I briefly mentioned in the opening paragraph of my last blog post that I made baked ziti for Wifey on Saturday to celebrate Valentine’s Day, what I didn’t mention was that while Wifey loved it, I wasn’t thrilled with it. For some reason I love Italian food but anytime I use red sauce I am left wishing I had made something else [also mentioned in the post Crush Pasta IV]. Sadly, my Valentine’s ziti was no different and I found it a sort of just “there.”
Whenever I feel I could have done a better job on a meal, especially something as simple as baked ziti, I try to make up for it as soon as possible. And that’s what I did today, poo-pooing Americanized Italian comfort food and embracing the Mediterranean flavors of Sicily.
Sicily is known for many things, but since this is a cycling blog clinging on for dear life, I’ll mention that it’s the birthplace of 2014 Tour de France winner and 2013 Giro d’Italia winner Vincenzo Nibali (born in Messina in 1984). It’s also home to 10,922′ Mt. Etna, an active volcano on Sicily’s east coast which has featured in stages of the Giro in 1967, 1989 and 2011. The photo above features Franco Bitossi leading the pack on his way to a Stage 7 victory on Mt. Etna in the 1967. You can see a bit more about Mt. Etna’s role in the Giro in this May, 2011 post on cyclingweekly.co.uk.
Sicilian “Nibbles” and a supporter nipples during the 2013 Giro’s epic Stage 20.
As for my Cat 5 dabbling into cooking Sicilian cuisine, that started with a few web searches that lead me to the food blog Coco de Mama and a recipe for Spaccatelle with Tuna, Artichokes, Olives & Capers. Meijer didn’t carry any, so my version of this recipe did not include Spaccatelle pasta (I opted for Barilla’s Casarecce), I also couldn’t find any imported Italian tuna, so I was forced to utilize StarKist packed in olive oil (as per usual, doing my best to white trash a recipe up). Sadly I couldn’t find any frozen artichoke hearts either but opted for the (non marinated) canned version with little issue.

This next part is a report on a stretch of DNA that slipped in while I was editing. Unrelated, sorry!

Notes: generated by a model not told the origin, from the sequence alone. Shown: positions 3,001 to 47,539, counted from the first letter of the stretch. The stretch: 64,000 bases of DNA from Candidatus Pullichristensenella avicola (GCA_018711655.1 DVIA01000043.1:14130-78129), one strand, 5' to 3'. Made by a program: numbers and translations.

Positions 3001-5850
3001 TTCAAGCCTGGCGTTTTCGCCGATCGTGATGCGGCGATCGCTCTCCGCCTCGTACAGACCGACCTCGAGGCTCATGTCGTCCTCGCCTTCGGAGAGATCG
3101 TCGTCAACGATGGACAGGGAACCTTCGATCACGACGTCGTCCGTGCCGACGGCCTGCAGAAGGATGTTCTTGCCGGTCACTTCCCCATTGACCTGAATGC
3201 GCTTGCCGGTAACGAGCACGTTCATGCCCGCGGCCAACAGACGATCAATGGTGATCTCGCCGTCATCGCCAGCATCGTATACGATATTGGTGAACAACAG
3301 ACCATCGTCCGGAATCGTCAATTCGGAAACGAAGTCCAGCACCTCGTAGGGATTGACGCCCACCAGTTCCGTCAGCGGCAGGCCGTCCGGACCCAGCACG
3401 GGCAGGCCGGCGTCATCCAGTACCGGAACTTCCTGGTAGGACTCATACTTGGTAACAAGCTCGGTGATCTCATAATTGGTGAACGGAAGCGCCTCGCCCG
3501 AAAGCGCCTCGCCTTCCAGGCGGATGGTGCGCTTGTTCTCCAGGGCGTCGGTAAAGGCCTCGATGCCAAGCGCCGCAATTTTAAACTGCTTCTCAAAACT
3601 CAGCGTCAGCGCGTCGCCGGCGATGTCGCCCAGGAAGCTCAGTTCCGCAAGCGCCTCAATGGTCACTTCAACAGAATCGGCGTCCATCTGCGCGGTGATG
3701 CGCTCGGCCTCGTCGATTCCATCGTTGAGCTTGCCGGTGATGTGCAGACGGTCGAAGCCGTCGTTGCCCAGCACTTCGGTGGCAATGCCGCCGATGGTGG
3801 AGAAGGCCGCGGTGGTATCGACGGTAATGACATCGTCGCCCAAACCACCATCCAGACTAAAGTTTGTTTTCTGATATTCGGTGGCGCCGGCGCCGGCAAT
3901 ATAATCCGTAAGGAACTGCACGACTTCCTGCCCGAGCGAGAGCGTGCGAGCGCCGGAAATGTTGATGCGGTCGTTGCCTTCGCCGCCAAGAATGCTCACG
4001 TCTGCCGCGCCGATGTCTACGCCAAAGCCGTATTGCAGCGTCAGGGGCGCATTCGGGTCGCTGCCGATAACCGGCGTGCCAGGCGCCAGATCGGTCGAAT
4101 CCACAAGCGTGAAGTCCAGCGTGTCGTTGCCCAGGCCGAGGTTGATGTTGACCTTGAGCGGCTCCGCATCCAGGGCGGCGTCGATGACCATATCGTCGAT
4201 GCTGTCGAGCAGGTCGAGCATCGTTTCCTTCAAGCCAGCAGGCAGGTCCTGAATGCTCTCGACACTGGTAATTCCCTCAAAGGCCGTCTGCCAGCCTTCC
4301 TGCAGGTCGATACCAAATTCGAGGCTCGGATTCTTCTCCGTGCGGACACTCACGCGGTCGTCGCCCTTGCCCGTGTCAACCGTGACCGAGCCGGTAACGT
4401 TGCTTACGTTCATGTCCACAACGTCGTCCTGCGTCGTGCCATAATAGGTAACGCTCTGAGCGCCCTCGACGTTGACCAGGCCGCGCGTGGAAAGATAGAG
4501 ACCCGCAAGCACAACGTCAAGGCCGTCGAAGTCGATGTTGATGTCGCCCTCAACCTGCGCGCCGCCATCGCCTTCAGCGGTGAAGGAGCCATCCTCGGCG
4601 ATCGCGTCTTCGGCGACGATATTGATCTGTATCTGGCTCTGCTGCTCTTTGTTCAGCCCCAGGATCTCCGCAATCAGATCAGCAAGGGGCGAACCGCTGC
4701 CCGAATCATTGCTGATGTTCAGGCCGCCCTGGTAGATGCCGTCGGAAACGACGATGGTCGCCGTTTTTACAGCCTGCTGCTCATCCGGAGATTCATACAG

I’m sure I lost some authentic flavors in there somewhere, but since I’ve never had spaccatelle, frozen artichokes OR imported Italian tuna, I was blissfully ignorant of it and just carried on with the recipe.
“Any plate you order in Sicily is good,” – Paolo Tiralongo (Team Astana)
I am no foodie, or an expert on Sicilian pasta dishes, but I was very pleased with this dish. It had all the intense Italian flavors I like, but was thankfully void of red sauce. I seriously never thought I could enjoy a meal this much that had canned tuna in it!
If the 2012 photo of above is any indication, I highly doubt that Vincenzo has ever eaten as much pasta as I ate tonight. Then again, maybe he does, but maintains that anorexic look that
cyclists I crave (but fail at due to my love of food and laziness) by training six hours or more a day and winning some of the hardest road stage races in the world?
Hmmm… I think it may have been a couple months since I rode six hours in a week! Oh well, what’s life without crushing pasta?